On a livestream Friday, Democratic candidate Adam Frisch announced that he had called GOP Rep. Lauren Boebert to concede the race in Colorado's 3rd Congressional District.
Boebert was leading Frisch by 551 votes, but in percentage terms, they were tied at 50% with 99% of the expected vote in. Given how slim Boebert's lead was, the race was heading into a recount.
Boebert breezed through her Republican primary with 66% of the vote and was expected by many observers to comfortably win her general election in a district that went for former President Donald Trump by 15 points in 2020.
The closer-than-anticipated race for Boebert is representative of the struggles the GOP faced this midterm cycle despite predictions of a "red wave."
Boebert has been a political lightning rod since first winning Colorado's conservative-leaning 3rd Congressional District in 2020 as a staunch supporter of the Second Amendment who fully embraced both Trump and his provocative style.
She infamously heckled President Joe Biden during his first State of the Union address in 2021, eliciting groans from the chamber after shouting, "You put them in there, 13 of them" -- referencing the 13 soldiers killed during the U.S. withdrawal of troops from Afghanistan -- when Biden was discussing the death of his son Beau.
Boebert spent her first few months in Congress disregarding COVID-19 mask rules and vowing to bring her gun to the House floor.
The congresswoman was one of the many election deniers on the ballot this cycle and has frequently touted that she voted against the congressional certification of Biden's victory in 2020. She refused to tell the Colorado Times Recorder whether she would accept the outcome of her own race against Frisch.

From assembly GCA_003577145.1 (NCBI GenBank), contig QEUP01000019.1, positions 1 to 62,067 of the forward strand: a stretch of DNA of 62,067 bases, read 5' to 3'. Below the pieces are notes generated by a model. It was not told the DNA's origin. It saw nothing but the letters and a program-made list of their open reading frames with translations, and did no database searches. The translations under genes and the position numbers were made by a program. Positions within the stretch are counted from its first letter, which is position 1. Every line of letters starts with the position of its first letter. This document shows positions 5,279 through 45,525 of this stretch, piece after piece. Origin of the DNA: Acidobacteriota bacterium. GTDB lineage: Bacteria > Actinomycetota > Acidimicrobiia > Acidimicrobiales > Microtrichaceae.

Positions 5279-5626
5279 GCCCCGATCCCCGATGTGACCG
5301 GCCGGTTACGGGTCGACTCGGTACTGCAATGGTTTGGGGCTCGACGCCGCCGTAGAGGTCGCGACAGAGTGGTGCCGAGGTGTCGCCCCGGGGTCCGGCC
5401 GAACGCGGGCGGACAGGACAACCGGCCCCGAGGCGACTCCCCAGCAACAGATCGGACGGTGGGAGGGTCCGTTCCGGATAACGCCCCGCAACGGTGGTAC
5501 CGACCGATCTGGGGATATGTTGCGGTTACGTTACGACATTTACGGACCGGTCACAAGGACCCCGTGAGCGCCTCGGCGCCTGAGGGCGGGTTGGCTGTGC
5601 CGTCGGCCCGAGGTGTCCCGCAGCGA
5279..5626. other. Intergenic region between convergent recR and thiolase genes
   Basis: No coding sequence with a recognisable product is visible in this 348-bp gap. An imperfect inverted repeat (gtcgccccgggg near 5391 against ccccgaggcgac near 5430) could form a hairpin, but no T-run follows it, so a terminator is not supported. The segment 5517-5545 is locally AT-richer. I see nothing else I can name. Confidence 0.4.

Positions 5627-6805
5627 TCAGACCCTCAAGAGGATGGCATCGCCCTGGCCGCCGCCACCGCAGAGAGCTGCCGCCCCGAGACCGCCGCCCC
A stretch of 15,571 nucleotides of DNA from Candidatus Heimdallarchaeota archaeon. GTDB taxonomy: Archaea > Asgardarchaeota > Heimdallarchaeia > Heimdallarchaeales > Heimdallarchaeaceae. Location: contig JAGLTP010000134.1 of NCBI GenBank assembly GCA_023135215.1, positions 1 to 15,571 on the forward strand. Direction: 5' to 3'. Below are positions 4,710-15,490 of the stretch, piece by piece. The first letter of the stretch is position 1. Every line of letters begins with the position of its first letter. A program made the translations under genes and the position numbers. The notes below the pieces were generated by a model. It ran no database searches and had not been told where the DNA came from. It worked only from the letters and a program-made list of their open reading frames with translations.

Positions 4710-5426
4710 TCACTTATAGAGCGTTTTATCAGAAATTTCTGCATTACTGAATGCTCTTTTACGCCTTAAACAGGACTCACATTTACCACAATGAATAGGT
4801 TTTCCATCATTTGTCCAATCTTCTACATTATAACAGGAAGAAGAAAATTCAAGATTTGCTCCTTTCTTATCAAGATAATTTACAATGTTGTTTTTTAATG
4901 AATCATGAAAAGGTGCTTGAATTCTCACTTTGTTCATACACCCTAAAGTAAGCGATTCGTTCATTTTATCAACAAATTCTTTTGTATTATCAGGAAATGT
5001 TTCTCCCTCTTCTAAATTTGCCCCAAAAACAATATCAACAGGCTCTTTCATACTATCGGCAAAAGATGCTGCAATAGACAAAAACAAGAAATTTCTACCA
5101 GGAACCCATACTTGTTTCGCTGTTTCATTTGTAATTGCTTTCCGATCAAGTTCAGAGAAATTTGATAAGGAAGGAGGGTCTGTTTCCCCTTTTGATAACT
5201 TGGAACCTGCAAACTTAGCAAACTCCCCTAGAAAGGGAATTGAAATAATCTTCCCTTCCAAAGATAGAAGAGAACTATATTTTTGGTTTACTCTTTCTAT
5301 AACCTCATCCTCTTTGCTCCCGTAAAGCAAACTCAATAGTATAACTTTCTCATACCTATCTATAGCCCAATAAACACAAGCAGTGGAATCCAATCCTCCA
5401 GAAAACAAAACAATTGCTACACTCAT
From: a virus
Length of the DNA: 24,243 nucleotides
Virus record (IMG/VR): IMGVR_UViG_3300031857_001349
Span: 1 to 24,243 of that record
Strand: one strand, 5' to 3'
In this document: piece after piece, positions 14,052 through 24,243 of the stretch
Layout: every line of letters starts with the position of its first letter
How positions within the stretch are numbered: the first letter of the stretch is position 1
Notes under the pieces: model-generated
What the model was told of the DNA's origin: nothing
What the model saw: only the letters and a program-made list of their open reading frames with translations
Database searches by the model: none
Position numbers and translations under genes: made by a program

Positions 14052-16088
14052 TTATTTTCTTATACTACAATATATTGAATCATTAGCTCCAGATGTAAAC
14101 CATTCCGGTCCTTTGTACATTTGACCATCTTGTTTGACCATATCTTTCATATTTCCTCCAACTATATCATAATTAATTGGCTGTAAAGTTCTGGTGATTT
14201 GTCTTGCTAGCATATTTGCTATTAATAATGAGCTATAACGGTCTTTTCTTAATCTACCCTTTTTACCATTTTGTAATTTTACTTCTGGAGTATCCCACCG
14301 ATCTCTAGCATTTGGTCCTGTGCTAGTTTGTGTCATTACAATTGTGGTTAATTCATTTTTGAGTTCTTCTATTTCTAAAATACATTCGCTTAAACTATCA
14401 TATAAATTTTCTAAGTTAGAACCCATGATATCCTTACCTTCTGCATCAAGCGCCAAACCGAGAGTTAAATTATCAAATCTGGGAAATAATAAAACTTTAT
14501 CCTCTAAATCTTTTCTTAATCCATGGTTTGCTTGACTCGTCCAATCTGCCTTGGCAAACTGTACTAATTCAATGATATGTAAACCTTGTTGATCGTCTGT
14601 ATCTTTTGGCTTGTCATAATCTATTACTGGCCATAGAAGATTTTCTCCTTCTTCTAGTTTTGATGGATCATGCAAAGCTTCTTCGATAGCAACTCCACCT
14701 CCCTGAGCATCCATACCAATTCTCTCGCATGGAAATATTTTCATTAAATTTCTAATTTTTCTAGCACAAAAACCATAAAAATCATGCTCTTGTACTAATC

"I told you all year, the Left would do everything that they possibly could to get rid of me," Boebert tweeted last week as ballots continued to be counted. "As this race comes down to every last vote, I need you to help us ensure we have the resources to finish what we started!"
Frisch narrowly won the Democratic primary in June. He defeated activist Sol Sandoval by just a few hundred votes.
A former Aspen City councilman, Frisch focused on the economy and energy in his campaign and accused Boebert -- who ran on a "Contract with Colorado" in which she pledged to fight for limited government, strong borders and free markets -- of being more interested in making controversial statements than legislating.
"We're really excited about getting into the general election. I think this district is ready for a representative who is not going to be leading the anger-tainment industry. We can do better, and we will do better," Frisch said after winning his primary.
When the race remained too close to call, Frisch said he beat expectations by talking with voters face to face.
"If I had any insight to share with someone running for office, it would be to meet voters where they are & listen, be open to evolving your stance on issues, and stand up for your principles," he wrote on social media.